“Look, I tell you, lift up your eyes, and see that the fields are white for harvest.”
A couple of weeks ago, I had the immense privilege to visit with the churches and leaders of Every Nation Europe. The objective of the short trip was to visit the two South African families planting a brand new church in Utrecht, a first for Every Nation to plant in Netherlands, followed by a 5-day summit with Evangelists from across Europe, gathering together in Paris.
Throughout our time in Europe these words of Jesus above, were ringing loud and clear… seeing a “white harvest” ready for the picking. I want to share 3 thoughts from my trip with you.
- Reaching the harvest field is a family affair
Our visit to the families in Utrecht was deeply encouraging and convicting – Being with two families, each with two young kids (both families with little ones on the hips of the mommies), who boldly said “YES” to reaching Europe. They have counted the cost to leave their homeland, their families, their ‘familiar’, their biltong and Woolies, and move to a space they now have to call home with a people they don’t know. What struck me is that even though they counted the cost, they considered it pure joy to be in a foreign nation having to share the gospel, with a completely agnostic community. Seeing their kids having to be immersed in the new culture, language and lifestyle made me realise that reaching the harvest fields is a family affair. Everyone has the joy of participation, everyone has the pain of letting go, but the very fact that a family unit unify around a collective vision of reaching the lost, is wonderful to behold. I was thinking about our own families here in Somerset West who have said “YES” in the same way to reach this community, or maybe moved here from their “familiar” to impact the ready fields of harvest here, and realise again that the value of family is meant to be fully part of the mission, not separate from it. I am praying for more families to say “YES” to also reach the far corners of the world where the family unit will be a powerful model of the Gospel message, to see the unbelieving and unaware becoming aware of a Heavenly Father who loves them, and sent His very own Son – His mission is clearly a family affair!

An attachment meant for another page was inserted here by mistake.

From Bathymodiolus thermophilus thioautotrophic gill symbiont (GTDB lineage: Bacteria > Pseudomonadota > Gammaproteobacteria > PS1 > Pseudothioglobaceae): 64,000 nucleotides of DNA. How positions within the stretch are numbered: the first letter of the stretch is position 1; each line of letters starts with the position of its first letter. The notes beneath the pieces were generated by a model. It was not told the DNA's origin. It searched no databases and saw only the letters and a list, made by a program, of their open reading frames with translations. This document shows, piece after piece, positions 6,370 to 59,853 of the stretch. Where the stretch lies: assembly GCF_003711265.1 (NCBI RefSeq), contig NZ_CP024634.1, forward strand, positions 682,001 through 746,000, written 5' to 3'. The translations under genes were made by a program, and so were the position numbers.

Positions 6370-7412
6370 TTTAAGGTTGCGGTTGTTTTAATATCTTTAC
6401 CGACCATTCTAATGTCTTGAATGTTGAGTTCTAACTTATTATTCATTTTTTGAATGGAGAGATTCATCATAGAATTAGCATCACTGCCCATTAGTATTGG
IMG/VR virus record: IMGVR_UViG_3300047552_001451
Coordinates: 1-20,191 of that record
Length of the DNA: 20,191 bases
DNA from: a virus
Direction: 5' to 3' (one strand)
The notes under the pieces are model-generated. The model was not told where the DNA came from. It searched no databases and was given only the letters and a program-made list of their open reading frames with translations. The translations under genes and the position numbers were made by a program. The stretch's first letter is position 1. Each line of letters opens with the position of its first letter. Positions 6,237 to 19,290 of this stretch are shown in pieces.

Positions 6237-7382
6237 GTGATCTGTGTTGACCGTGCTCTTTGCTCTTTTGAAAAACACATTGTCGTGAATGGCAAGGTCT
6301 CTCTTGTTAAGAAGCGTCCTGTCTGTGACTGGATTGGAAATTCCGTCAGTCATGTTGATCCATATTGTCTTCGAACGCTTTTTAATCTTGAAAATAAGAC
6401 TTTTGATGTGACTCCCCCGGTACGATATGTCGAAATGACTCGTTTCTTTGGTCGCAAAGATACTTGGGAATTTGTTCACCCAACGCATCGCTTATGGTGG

2. There’s a young generation of modern, westerners who have never heard the
Growing up in South Africa has caused most of us to have heard the gospel at least once, but perhaps multiple times through our forming years. Be it at school, attending the christening of a cousin or simply through the Christian culture around is… we don’t have the excuse that we have never heard. I have fallen victim myself to think that people who have never heard the Gospel are usually found under trees in desolated forests or far east in the nations where Christianity is forbidden. But, on this trip it became real… walking on an International campus in the heart of Paris, sharing the message of Jesus to first-time hearers, the realisation hit me like the south-easter blowing this week. There’s a whole generation of youth, who have never heard, and might never hear, unless the global church awakens to share the good news with them… and it is a global audience. The team had conversations with people from probably 20 different nations, and the sentiment was the same. People have never heard. Myself and a co-leader spent close to two hours chatting to a brilliant, bright young guy from Brazil who never heard the Gospel explained in the proper way, although growing up in the “christian” culture that Brazil is. All I could take from this is that we have MUCH to give, far more than we often credit ourselves. We are generally well versed in sharing the good news of Jesus, and we should deeply consider if we are willing to take it to this generation across the world who needs to hear, maybe once, what we have heard maybe a 100 times.
3. The church of South Africa is blessed, and needs to be a blessing
“South Africa reaching Europe? But why? That sounds expensive.”
This is often the sentiment I have come across in sharing that we should consider reaching the continent fo Europe more strategically and regularly. The wisdom of the world teaches that budgets, economy and foreign exchange rates makes this a silly idea.
But, let’s quickly be reminded that according to Matthew 6:33-34, there’s another economy to operate in.
This past trip in Europe has opened my eyes to a whole new reality” Although the Euro is strong, the bank accounts of the gospel preaching, Jesus-centered churches are not.” (I say this with grace and without any disrespect to my European counterparts). What I am getting to, is that we here in South Africa, especially a place like the Helderberg, is massively blessed with the means to be a blessing to places like Europe. We have the means to send teams, we have the means to visit the leaders on the ground, we have the means to partner with the churches there, both financially and in resources… and we should. The numbers game turns around quickly when you look at church membership and not foreign exchange rates. A very successful church with healthy leadership and 10years of public ministry in a medium size city of Europe, could easily still only be 80 members strong. We are not blessed only with the possible financial means (I really believe we are), but also with the numbers to reach into Europe. We should be often encouraged by the words of Jesus, that we have “freely received, therefore freely give”. Let’s consider more regularly how we can touch this ‘dark” continent that was once before the bearers of the Gospel light to the rest of the world.
Let’s never neglect to pray for Europe… and ask that the Lord will send more labourers into this white and ready field of harvest.